Shrinkflation: Supermarkets charging same or more for smaller products
Consumers’ association Consumentenbond received 900 complaints from consumers about “shrinkflation” - supermarkets charging the same or more for a product that is smaller than it used to be. The association called on manufacturers and supermarkets to be transparent about these “disguised price increases.”
Consumentenbond received the most complaints about Karvan Cevitam’s syrup. The bottle went from 750 ml to 600 ml, but the price dropped only 10 cents. Gouda’s Glorie Volle Pond shrank from 600 to 500 grams, and the price increased from 1.85 to 2.49 euros. Hema Coffee pods now cost 3.50 euros per pack of 40, while it used to be 3.00 euros per pack of 46 pods.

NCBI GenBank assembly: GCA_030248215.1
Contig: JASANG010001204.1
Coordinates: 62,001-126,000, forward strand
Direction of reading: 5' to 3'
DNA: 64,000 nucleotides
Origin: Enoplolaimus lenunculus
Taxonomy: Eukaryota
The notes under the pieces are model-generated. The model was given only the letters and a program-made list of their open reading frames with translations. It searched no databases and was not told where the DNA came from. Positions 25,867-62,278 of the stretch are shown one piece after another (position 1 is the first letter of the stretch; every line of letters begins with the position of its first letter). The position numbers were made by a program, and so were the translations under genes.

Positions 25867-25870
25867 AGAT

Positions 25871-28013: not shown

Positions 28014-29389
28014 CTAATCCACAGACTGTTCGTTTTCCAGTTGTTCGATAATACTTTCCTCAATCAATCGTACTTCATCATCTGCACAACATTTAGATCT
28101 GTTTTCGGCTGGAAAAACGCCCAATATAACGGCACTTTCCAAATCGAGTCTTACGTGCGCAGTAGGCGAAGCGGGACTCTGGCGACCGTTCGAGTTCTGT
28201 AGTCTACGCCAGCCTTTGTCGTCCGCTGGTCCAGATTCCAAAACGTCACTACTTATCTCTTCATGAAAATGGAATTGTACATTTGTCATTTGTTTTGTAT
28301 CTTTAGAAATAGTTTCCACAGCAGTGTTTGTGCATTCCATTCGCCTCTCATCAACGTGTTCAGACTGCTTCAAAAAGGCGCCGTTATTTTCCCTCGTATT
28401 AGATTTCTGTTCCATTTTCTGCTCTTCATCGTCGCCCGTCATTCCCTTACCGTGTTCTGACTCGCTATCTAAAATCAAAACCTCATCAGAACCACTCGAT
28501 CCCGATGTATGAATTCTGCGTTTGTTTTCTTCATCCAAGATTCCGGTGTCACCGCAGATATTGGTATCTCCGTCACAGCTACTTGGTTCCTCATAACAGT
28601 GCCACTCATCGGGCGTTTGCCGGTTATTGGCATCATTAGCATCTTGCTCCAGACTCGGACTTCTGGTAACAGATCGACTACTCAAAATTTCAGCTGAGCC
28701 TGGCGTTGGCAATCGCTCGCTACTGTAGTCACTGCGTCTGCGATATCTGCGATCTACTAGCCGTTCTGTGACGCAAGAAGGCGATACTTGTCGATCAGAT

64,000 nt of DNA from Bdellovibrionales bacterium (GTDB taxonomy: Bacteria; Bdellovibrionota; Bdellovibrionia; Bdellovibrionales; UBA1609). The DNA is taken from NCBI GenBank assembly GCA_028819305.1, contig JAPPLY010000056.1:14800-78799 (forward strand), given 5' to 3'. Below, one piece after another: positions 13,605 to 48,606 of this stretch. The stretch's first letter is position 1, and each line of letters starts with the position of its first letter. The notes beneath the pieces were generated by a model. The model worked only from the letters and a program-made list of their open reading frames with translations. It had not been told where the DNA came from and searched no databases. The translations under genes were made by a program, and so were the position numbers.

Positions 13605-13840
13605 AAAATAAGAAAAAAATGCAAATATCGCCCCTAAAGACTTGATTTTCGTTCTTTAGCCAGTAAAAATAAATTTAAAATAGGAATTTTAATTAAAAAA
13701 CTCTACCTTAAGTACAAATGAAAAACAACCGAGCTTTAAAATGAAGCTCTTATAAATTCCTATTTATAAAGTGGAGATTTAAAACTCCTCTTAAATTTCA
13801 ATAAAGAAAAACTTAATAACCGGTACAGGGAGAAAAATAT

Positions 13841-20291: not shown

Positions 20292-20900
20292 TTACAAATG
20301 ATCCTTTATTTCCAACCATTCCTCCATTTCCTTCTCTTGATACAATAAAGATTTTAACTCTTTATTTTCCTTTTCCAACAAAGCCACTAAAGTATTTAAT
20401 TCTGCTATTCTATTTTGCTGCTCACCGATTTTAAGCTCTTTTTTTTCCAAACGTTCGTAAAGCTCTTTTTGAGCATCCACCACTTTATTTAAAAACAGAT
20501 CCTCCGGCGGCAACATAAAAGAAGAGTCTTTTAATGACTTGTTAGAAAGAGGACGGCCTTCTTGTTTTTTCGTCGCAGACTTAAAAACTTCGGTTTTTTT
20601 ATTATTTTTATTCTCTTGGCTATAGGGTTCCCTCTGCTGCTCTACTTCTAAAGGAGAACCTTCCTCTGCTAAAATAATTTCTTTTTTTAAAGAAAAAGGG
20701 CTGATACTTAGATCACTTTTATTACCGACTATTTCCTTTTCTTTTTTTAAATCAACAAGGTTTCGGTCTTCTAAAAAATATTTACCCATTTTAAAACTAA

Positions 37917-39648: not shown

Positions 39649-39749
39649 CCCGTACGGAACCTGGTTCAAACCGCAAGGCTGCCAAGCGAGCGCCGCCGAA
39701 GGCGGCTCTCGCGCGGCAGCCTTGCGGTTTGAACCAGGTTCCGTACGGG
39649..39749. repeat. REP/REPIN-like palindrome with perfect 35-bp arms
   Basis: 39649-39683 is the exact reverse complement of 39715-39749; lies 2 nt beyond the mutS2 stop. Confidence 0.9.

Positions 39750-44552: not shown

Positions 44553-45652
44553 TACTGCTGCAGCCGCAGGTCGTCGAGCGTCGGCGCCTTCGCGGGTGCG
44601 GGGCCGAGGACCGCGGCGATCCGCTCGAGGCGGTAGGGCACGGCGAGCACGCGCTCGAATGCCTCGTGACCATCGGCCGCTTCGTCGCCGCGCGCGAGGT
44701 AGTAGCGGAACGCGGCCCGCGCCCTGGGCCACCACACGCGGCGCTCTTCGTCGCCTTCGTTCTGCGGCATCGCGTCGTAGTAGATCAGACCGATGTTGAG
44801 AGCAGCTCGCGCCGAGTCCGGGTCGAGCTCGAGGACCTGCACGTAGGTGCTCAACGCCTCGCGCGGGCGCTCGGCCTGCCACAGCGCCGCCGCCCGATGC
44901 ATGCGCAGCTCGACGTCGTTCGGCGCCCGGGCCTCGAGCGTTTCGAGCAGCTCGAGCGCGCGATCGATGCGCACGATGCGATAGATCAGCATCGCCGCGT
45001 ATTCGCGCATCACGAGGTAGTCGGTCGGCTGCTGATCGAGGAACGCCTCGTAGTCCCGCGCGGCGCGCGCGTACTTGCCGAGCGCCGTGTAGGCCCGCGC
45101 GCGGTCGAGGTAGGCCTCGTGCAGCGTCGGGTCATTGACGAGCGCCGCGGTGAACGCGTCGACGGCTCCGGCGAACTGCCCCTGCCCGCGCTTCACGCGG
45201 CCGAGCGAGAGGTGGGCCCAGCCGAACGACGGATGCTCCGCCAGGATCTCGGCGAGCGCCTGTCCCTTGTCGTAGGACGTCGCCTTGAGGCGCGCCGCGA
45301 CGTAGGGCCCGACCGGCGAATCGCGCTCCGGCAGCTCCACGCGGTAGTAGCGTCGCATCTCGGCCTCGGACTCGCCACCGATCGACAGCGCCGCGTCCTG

The association also listed several products that shrank in size but cost the same. Lay’s Chips went from 225 to 200 grams per pack, Verkade Nobb spirits went from 200 to 150 grams, and Swiffer floor wipes now only have 34 wipes in a box instead of 40.
“The hundreds of reports show that consumers find the secret price increases unfair,” said Consumentenbond director Sandra Molenaar. She called on the Dutch Authority for Consumers and Markets (ACM) to investigate.
“If there is extra content in a package, manufacturers will indicate this in large letters on the packaging. So manufacturers should also put something on the packaging with reduced content. At least then consumers have been warned,” Molenaar said.
According to the association, manufacturers blamed rising energy, transport, and raw material costs for the smaller products. In order to not increase the price too much, they put less content in the packaging, they said to the Consumentenbond. Other reasons given were a new recipe and waste prevention. When asked about the prices, they all referred to the supermarkets.